A Casino is a place where people can gamble and play games of chance. Casinos often add other luxuries such as restaurants, free drinks and stage shows to attract customers. Some of the world’s most famous casinos are the Bellagio in Las Vegas, the Casino de Monte Carlo in Monaco and the Casino Baden-Baden in Germany.
Gambling probably predates recorded history, with primitive protodice and carved six-sided dice found in archaeological digs, but the casino as a place for people to find a variety of ways to wager under one roof didn’t appear until the 16th century, when gambling crazes swept Europe and Italian aristocrats held private parties called ridotti. [Source: Schwartz]
Today, casinos use high-tech surveillance systems to keep an eye on patrons as they play. Cameras can be positioned to watch every table, window and door, and they can be adjusted by security workers in a separate room filled with banks of monitors. In addition to cameras, other sophisticated technology is used: betting chips with built-in microcircuitry allow the casino to oversee the exact amounts wagered minute by minute; roulette wheels are electronically monitored to discover any statistical deviations; and some slot machines now automatically pay out money based on patterns of behavior.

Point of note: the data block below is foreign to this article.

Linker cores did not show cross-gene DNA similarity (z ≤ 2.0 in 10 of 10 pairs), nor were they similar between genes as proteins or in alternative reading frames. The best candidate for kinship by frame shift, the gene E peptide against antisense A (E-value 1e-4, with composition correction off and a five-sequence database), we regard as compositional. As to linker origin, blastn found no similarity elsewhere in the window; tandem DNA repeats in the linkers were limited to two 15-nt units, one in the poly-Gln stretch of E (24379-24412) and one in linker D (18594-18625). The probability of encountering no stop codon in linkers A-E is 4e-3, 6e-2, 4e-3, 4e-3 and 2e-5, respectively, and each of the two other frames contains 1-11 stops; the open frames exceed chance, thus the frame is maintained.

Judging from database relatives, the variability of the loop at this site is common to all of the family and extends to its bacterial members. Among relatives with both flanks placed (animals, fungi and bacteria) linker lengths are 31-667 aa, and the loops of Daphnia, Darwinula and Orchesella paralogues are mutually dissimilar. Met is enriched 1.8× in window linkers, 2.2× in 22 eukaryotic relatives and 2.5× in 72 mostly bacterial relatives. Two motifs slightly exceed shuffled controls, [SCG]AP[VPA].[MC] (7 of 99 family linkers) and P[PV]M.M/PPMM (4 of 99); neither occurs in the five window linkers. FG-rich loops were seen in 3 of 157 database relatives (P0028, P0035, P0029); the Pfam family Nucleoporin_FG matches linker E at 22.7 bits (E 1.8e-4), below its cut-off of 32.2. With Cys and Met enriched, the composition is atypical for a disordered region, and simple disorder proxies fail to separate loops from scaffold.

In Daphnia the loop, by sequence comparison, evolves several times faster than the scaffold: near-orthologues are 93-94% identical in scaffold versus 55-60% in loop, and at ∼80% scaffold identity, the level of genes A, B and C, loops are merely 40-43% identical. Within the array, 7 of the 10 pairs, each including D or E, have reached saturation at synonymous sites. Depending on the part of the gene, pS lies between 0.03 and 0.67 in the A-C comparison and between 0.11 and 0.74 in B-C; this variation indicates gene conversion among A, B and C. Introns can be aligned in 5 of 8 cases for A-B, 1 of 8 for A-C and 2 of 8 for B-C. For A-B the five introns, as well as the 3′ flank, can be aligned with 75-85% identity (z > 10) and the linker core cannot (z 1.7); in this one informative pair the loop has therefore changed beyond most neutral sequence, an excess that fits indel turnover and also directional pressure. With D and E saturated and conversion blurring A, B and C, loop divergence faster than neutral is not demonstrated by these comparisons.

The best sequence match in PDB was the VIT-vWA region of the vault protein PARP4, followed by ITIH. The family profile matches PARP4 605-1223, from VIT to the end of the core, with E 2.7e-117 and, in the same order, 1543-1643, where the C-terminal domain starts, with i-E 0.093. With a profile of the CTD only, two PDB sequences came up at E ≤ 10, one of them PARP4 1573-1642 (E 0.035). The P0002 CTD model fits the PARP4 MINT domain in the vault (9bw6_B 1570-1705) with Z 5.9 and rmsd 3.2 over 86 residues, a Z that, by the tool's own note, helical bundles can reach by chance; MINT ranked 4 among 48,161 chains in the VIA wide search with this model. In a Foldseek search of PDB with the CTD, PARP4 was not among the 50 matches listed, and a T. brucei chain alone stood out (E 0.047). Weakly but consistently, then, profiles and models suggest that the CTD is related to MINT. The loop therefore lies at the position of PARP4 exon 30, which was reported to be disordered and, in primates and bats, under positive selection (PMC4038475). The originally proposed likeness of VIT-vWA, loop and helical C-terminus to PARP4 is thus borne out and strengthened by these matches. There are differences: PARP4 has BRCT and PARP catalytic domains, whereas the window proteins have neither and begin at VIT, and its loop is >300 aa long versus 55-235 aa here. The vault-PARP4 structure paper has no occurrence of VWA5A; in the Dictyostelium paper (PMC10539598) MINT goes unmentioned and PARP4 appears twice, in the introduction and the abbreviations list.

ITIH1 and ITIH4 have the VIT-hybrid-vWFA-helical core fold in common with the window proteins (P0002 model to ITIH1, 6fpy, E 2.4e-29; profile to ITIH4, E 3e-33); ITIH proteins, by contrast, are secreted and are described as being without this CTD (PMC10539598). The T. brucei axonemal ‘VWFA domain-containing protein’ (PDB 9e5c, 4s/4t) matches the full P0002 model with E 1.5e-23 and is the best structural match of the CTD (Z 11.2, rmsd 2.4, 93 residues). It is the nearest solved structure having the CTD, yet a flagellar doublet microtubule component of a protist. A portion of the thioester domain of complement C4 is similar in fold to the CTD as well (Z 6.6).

In addition to the electronic security, some casinos reward “good” players with free hotel rooms, dinners and tickets to shows. They also have policies for comping players, who receive points that can be redeemed for cash or goods. Some critics argue that a casino’s benefits to the local economy are offset by the cost of treating problem gamblers and the loss of productivity in families whose members spend their entire paychecks at the casino.